Employers must perform a balancing act between protecting employees from bullying and providing fairness to the alleged bully in determining how severe any action taken should be.
Fair Work Australia has recently dismissed the unfair dismissal claim of an employee whose employment was terminated because of his sexual harassment and bullying of a co-worker, finding that the risk of the employee reoffending was high enough to warrant the dismissal.
Graham v Bankstown District Sports Club Ltd  FWA 7977 has demonstrated that terminating the employment of a workplace bully may not only be justified in some circumstances, but also necessary for employers to ensure that employees and customers are provided with a safe environment.
What happened in the case?
The dismissal at the centre of Bankstown occurred after an employee lodged a complaint against a colleague alleging that he had been repeatedly sexually harassed and bullied. The employee alleged that the colleague, a part-time sommelier, engaged in conduct including:
- making comments to the employee in front of other staff that he was a virgin, or he was gay;
- singling out the employee during his shift to do tasks that could have been done by or shared with other employees and talking to him in an aggressive tone of voice;
- making statements of a sexual nature to the employee that made him feel uncomfortable and ill while at work; and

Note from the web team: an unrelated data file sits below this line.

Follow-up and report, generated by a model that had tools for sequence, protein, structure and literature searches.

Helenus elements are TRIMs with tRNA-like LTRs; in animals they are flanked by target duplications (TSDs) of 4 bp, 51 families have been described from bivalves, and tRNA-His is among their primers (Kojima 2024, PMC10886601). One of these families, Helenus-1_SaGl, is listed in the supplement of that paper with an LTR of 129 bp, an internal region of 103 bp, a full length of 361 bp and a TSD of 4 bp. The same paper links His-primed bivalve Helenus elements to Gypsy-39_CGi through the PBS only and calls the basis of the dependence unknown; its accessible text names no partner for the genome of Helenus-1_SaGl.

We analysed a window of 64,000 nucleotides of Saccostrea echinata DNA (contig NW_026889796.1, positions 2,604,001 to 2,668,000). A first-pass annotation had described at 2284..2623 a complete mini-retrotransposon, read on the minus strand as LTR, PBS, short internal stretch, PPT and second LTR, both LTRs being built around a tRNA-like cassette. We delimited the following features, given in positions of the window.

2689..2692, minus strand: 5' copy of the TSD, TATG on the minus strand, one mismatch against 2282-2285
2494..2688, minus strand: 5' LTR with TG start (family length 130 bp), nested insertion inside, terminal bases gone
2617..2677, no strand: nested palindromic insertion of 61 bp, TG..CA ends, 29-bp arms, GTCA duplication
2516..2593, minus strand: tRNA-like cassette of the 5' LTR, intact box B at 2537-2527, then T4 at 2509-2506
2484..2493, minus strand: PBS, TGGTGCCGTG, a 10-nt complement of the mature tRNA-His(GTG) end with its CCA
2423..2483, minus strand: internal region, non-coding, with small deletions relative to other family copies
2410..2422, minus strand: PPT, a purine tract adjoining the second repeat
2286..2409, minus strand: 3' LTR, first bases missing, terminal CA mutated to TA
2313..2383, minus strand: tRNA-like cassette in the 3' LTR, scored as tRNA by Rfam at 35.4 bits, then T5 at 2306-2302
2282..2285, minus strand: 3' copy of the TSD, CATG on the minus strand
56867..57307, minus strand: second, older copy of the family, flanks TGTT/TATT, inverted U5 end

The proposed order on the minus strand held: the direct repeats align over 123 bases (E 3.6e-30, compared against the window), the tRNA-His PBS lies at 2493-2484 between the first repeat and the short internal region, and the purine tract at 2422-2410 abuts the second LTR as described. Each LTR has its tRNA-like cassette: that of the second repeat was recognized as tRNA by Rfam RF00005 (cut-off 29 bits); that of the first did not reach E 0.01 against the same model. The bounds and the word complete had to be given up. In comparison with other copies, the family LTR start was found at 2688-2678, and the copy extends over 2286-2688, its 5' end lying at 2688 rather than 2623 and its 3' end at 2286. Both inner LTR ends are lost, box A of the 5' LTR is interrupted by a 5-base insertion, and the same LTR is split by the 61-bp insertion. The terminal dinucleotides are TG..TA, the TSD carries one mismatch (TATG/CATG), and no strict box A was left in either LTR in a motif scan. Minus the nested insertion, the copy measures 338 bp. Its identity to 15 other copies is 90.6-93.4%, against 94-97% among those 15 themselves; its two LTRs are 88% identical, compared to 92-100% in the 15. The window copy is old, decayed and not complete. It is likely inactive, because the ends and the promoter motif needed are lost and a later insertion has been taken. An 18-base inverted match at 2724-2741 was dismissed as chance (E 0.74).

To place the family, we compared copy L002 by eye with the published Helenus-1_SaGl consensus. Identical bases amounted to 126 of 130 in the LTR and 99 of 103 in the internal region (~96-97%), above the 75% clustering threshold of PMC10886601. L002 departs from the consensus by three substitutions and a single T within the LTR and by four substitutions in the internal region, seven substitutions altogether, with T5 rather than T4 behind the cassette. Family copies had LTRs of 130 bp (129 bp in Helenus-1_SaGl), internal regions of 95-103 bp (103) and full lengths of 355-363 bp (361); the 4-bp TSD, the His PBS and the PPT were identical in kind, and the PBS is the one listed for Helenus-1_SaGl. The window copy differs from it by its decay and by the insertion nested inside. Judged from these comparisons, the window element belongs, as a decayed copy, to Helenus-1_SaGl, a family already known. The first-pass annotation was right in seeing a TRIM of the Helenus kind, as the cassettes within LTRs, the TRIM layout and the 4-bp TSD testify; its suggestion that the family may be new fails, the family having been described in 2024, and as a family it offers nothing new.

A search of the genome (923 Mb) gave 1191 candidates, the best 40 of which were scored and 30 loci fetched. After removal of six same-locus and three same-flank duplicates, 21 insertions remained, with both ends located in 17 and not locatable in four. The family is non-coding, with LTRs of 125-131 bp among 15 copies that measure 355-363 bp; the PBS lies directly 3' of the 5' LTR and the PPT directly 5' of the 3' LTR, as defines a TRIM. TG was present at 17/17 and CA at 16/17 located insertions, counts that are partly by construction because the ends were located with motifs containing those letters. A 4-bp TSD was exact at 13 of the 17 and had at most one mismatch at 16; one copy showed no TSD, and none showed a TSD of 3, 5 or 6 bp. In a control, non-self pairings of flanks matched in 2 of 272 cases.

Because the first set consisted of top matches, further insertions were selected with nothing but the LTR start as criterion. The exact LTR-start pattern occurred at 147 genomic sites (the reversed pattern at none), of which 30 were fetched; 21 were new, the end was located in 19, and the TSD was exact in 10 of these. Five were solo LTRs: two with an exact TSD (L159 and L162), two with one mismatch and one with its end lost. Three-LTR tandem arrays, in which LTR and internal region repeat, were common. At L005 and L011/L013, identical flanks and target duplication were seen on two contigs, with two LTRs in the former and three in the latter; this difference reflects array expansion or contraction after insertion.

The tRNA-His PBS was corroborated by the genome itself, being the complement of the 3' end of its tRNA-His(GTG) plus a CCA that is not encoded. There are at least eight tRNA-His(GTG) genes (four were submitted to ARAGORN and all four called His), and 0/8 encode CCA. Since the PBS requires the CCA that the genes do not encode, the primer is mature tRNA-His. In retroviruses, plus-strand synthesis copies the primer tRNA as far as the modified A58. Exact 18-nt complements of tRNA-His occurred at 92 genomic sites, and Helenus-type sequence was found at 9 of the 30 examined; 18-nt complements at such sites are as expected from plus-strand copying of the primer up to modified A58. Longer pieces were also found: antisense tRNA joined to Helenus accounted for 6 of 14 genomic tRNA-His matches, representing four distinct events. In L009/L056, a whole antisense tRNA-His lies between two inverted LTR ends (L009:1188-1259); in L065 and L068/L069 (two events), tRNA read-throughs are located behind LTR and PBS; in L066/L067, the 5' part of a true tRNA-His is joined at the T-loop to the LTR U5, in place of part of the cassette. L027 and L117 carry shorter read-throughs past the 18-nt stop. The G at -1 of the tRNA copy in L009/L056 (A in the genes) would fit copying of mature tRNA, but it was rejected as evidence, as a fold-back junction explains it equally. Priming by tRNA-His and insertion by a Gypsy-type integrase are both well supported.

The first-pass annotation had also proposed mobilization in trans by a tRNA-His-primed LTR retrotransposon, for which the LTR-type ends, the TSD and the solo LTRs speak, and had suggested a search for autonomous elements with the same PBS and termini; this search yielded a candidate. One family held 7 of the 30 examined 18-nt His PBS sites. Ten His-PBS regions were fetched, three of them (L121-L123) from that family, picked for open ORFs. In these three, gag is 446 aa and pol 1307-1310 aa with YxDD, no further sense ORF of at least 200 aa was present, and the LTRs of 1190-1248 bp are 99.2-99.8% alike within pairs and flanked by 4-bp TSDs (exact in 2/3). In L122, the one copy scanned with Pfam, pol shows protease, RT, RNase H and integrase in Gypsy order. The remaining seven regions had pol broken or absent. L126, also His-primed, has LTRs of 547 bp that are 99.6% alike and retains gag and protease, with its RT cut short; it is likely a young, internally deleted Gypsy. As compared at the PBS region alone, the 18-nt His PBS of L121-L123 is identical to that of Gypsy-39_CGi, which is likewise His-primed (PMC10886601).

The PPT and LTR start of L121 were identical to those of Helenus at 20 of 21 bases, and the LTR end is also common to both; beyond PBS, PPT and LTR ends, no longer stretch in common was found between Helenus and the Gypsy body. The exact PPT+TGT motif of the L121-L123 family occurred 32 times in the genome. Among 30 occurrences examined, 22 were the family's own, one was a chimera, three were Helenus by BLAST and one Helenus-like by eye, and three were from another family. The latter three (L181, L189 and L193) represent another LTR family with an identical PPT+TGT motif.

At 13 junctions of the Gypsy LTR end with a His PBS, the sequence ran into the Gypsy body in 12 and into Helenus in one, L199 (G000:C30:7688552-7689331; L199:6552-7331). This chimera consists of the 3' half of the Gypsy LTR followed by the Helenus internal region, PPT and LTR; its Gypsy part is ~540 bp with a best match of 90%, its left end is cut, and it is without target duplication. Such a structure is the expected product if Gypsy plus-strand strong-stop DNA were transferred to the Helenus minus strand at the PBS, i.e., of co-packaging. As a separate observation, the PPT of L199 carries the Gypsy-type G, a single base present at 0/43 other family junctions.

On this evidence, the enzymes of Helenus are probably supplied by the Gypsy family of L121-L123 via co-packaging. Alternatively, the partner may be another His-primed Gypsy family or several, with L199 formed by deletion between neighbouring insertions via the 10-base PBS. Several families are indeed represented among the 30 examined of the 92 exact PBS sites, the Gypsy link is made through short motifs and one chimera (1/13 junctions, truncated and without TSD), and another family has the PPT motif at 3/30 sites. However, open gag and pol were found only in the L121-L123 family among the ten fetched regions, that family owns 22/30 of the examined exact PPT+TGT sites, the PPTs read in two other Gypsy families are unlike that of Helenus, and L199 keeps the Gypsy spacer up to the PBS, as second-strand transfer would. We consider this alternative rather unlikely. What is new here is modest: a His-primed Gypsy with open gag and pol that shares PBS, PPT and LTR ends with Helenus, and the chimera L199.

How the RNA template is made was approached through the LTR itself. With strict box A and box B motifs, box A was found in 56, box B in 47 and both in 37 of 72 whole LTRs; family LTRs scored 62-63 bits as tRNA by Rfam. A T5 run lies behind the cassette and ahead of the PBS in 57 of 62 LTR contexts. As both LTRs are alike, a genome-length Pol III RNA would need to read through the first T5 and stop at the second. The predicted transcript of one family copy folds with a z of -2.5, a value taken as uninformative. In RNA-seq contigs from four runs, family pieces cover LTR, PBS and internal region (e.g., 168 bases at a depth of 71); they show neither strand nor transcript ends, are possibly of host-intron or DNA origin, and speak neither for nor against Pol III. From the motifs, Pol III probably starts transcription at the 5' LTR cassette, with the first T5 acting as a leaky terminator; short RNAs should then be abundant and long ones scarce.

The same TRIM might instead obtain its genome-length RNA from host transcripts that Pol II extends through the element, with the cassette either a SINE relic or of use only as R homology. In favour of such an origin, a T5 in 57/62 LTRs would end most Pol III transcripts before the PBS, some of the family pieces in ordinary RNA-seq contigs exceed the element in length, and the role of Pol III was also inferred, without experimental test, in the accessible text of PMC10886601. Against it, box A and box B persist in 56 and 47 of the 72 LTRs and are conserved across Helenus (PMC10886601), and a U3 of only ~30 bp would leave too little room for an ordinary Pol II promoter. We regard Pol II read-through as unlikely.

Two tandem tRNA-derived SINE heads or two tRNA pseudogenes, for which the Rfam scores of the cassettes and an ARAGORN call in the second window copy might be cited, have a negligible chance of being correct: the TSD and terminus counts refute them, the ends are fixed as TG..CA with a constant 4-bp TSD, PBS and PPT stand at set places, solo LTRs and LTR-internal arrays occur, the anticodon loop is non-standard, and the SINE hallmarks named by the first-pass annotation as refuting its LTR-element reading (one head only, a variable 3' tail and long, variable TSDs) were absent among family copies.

- after an investigation into the employee's complaint had been lodged, approaching the employee and trying to discuss the matter with him, even though he had been instructed not to.
After the employer's investigation into the complaint was completed, it was concluded that enough of the allegations made against the sommelier had been substantiated to warrant his dismissal. The sommelier's employment was then terminated on the grounds that his behaviour constituted serious misconduct which contravened the Club's Code of Conduct.
The sommelier challenged his dismissal, arguing that his conduct was just "light hearted banter" and was intended as a joke, and that the employee had never resisted or complained about the comments directly to him.
What did Fair Work Australia decide?
Firstly, Deputy President Booth rejected the sommelier's claim that FWA was required to determine whether his conduct constituted serious misconduct. She found that she only had to determine whether the employer had a valid reason for the sommelier's dismissal. (It should be noted that although the sommelier was dismissed for serious misconduct, he still received payment in lieu of notice.)
DP Booth found that the Club had a valid reason for dismissing the sommelier, as his conduct towards his co-worker was consistent with the Australian Human Rights Commission's definition of sexual harassment and also clearly fell within the type of behaviour that was prohibited under the Club's policies on the prevention of workplace bullying and harassment. As the sommelier had received training in the Club's Code of Conduct, he should have been aware that his conduct was in breach of these policies.